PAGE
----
Section 10(j) of EO 14028 defines an SBOM as a “formal record containing the details and supply chain relationships of various components used in building software,” similar to food ingredient labels on packaging. SBOMs hold the potential to provide increased transparency, provenance, and speed at which vulnerabilities can be identified and remediated by federal departments and agencies. SBOMs can also be indicative of a developer or suppliers’ application of secure software development practices across the SDLC. Figure F-1 illustrates an example of how an SBOM may be assembled across the SDLC.
Federal agencies should ensure that their suppliers of software products and services are able to produce SBOMs in conformance with the EO and NTIA’s The Minimum Elements For a Software Bill of Materials (SBOM) by containing:
NTIA’s guidance acknowledges that SBOM capabilities are currently nascent for federal acquirers and that the minimum elements are but “a key, initial step in the SBOM process that will advance and mature over time”. As SBOMs mature, agencies should ensure they do not deprioritize existing C-SCRM capabilities (e.g., vulnerability management practices, vendor risk assessments) under the mistaken assumption that SBOM replaces these activities. SBOMs and the improved transparency that they are meant to provide for federal acquirers are a complementary, not substitutive, capability. Federal acquirers that are unable to appropriately ingest, analyze, and act on the data that SBOMs provide will likely not improve their overall C-SCRM posture.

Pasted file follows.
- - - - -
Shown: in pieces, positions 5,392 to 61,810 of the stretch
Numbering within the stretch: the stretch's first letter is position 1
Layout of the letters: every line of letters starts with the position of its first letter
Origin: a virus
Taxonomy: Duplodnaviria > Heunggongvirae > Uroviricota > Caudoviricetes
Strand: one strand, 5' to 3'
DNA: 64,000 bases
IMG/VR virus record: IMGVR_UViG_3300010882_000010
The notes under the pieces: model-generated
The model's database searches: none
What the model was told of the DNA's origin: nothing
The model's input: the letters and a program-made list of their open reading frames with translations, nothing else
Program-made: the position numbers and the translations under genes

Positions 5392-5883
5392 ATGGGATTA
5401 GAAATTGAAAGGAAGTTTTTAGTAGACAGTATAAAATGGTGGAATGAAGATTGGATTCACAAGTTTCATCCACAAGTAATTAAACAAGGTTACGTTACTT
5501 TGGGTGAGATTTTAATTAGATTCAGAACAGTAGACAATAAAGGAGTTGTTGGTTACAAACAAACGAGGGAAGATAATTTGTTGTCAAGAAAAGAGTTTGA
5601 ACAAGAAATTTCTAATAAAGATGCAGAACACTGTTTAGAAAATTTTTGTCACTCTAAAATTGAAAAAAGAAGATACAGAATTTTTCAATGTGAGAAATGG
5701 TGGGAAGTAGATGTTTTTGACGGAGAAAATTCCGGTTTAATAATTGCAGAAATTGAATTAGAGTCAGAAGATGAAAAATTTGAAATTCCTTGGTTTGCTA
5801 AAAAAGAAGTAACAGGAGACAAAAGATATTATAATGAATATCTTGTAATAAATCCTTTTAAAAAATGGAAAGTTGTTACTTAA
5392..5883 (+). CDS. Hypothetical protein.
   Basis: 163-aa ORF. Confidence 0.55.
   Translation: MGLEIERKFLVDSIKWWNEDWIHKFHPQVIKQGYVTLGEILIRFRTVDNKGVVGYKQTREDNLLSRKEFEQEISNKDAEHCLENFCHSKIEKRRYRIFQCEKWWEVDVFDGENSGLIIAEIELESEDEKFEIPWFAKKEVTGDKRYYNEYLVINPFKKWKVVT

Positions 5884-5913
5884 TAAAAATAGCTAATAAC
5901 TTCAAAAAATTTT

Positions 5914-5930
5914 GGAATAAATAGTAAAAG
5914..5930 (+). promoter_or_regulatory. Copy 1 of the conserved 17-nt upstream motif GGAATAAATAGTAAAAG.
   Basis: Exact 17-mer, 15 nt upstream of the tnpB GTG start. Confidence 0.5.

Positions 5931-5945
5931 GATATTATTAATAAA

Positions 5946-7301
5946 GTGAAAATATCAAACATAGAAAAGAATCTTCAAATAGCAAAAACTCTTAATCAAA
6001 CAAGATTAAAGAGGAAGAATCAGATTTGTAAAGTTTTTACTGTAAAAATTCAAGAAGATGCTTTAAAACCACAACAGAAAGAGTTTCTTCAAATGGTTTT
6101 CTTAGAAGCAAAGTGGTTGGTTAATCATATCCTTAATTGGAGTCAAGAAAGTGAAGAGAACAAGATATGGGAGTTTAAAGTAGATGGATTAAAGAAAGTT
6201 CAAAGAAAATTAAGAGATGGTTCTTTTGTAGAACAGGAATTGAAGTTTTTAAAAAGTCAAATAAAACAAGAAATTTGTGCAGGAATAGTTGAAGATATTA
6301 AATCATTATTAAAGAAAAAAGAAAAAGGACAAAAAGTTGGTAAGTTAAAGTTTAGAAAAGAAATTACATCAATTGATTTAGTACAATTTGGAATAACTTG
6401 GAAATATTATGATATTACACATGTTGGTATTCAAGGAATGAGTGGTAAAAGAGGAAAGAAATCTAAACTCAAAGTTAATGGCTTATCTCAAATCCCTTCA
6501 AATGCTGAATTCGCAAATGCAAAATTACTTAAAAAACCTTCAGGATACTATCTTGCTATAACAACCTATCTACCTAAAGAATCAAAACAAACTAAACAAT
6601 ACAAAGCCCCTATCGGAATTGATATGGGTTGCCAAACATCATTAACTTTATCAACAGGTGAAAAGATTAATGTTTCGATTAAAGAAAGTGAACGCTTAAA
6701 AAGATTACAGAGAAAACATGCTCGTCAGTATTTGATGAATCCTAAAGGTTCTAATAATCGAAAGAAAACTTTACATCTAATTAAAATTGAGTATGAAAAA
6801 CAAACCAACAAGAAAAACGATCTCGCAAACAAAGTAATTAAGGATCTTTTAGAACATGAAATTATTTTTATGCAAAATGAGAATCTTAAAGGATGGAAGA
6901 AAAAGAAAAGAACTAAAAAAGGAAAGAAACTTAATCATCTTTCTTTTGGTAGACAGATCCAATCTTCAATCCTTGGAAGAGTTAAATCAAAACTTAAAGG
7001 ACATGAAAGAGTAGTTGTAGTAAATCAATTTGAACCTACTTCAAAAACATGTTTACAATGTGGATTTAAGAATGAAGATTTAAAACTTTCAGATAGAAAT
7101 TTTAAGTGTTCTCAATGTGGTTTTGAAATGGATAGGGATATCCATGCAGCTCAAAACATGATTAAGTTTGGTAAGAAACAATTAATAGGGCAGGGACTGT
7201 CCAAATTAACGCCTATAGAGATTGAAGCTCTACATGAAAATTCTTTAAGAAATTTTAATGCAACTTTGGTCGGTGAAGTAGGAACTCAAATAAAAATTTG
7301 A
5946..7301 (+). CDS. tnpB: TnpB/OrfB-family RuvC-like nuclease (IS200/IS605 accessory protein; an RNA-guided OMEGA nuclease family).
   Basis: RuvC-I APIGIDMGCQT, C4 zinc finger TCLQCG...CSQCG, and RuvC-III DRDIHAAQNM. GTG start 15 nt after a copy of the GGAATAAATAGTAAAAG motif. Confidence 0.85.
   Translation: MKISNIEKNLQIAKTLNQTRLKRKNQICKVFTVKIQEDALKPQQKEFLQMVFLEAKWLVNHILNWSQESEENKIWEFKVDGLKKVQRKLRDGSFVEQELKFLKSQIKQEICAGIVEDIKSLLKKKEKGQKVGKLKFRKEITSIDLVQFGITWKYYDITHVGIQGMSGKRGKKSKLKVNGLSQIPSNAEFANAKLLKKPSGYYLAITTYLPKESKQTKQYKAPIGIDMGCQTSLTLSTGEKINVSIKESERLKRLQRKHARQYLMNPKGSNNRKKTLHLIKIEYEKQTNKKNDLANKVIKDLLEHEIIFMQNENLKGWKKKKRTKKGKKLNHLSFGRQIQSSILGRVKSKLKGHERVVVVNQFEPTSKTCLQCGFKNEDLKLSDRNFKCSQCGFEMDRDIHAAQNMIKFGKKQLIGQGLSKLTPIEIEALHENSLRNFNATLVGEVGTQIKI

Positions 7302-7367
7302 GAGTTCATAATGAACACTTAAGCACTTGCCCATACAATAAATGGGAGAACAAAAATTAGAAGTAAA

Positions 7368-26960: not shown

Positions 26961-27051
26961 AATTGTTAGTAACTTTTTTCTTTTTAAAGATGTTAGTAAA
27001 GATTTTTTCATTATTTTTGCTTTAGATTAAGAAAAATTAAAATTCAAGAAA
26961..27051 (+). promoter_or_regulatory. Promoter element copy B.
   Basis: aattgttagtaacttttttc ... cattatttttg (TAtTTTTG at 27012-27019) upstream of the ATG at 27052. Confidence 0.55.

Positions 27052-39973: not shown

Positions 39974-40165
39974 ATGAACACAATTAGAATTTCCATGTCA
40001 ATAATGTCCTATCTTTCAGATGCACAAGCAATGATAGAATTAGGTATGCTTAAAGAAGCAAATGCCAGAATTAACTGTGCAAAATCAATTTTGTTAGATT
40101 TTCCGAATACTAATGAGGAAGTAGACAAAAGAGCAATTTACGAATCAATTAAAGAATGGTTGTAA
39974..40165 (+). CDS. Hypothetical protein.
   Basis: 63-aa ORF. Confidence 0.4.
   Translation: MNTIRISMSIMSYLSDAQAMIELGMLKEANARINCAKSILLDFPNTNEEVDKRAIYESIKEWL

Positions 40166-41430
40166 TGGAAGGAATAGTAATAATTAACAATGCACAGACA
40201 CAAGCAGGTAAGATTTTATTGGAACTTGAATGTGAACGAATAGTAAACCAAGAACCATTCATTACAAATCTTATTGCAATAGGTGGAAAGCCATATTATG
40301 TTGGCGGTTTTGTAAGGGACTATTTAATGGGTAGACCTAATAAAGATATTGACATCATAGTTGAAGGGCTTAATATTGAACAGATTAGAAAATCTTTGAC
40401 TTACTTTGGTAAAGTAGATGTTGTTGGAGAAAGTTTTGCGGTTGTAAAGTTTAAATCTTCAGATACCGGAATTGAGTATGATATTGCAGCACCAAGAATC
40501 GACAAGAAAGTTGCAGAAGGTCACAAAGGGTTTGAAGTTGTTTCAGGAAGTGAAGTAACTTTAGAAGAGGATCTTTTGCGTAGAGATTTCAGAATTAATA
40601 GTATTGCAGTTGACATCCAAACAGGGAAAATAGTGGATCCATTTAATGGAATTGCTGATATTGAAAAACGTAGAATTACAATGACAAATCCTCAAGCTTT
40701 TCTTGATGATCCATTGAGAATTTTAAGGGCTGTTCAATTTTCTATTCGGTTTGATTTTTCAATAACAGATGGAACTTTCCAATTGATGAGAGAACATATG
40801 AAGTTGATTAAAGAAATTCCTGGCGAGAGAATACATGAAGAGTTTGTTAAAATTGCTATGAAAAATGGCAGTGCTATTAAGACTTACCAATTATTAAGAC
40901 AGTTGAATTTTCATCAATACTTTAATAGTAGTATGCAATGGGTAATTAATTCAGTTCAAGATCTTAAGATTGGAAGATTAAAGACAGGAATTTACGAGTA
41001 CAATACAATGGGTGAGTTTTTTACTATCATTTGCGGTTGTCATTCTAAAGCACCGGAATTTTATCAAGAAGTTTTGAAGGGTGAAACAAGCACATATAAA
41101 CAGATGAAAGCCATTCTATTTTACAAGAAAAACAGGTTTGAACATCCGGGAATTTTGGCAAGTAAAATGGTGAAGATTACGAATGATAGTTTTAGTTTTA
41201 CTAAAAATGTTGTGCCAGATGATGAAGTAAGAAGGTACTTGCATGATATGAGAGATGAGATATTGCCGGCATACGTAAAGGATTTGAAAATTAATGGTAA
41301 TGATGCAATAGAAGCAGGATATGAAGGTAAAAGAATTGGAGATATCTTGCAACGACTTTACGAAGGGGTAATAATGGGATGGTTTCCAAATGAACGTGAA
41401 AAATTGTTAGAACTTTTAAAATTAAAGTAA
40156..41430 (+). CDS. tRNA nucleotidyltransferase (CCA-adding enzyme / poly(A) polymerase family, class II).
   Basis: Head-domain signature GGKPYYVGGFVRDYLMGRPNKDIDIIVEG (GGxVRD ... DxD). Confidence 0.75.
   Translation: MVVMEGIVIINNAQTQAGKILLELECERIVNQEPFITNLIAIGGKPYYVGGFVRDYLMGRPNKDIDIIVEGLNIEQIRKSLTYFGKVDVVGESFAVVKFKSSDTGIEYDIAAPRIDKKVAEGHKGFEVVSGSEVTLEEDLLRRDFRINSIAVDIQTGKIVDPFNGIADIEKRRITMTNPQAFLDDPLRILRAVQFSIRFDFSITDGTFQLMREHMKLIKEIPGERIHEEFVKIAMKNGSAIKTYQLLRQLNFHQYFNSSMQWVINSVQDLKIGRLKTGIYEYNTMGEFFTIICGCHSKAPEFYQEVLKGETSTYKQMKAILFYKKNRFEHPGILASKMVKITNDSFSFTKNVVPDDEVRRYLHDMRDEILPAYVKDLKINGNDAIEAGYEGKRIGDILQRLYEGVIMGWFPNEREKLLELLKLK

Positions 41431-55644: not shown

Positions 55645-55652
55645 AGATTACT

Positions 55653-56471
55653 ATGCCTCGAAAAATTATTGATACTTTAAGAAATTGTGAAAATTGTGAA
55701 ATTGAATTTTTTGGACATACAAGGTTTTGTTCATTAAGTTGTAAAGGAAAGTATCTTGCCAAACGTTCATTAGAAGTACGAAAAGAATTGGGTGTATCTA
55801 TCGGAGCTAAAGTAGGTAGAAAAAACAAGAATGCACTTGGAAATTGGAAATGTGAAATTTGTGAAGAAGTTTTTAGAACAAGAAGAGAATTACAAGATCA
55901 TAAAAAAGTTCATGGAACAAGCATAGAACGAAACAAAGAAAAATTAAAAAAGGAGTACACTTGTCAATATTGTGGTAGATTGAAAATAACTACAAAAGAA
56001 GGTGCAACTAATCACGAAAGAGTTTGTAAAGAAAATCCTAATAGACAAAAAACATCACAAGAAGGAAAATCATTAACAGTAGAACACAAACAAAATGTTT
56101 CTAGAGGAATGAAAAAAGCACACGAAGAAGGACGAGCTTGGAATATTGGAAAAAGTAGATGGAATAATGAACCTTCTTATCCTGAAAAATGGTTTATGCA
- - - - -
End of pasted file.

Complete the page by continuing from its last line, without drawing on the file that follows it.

Federal acquirers should further consider that effectively implemented SBOMs are still subject to operational constraints. For example, SBOMs that are retroactively generated may not be able to produce the same list of dependencies used at build-time. Though this constraint may diminish over time, federal acquirers should continue using the risk-based approaches outlined in SP 800-161 Rev. 1 and SP 800-218 to guide their implementation of SBOMs over this rapid period of transition.
In his context, federal agencies should consider, where possible and applicable, the following recommended SBOM capabilities:
 Executive Office of the President. (2021). Executive Order 14028 on Improving the Nation's Cybersecurity. https://www.federalregister.gov/documents/2021/05/17/2021-10460/improving-the-nations-cybersecurity
 References to vulnerabilities are inclusive of Common Weakness Enumerations (CWE) found pre-release and Common Vulnerabilities and Exposures (CVE) found post-release, as outlined in NISTIR 8011 Vol. 4, Automation Support for Security Control Assessments: Software Vulnerability Management.
 Synopsys. (2021). Guidelines for software integrity chains and provenance.
 National Telecommunications and Information Administration. (2021). The Minimum Elements For a Software Bill of Materials (SBOM). https://www.ntia.doc.gov/files/ntia/publications/sbom_minimum_elements_report.pdf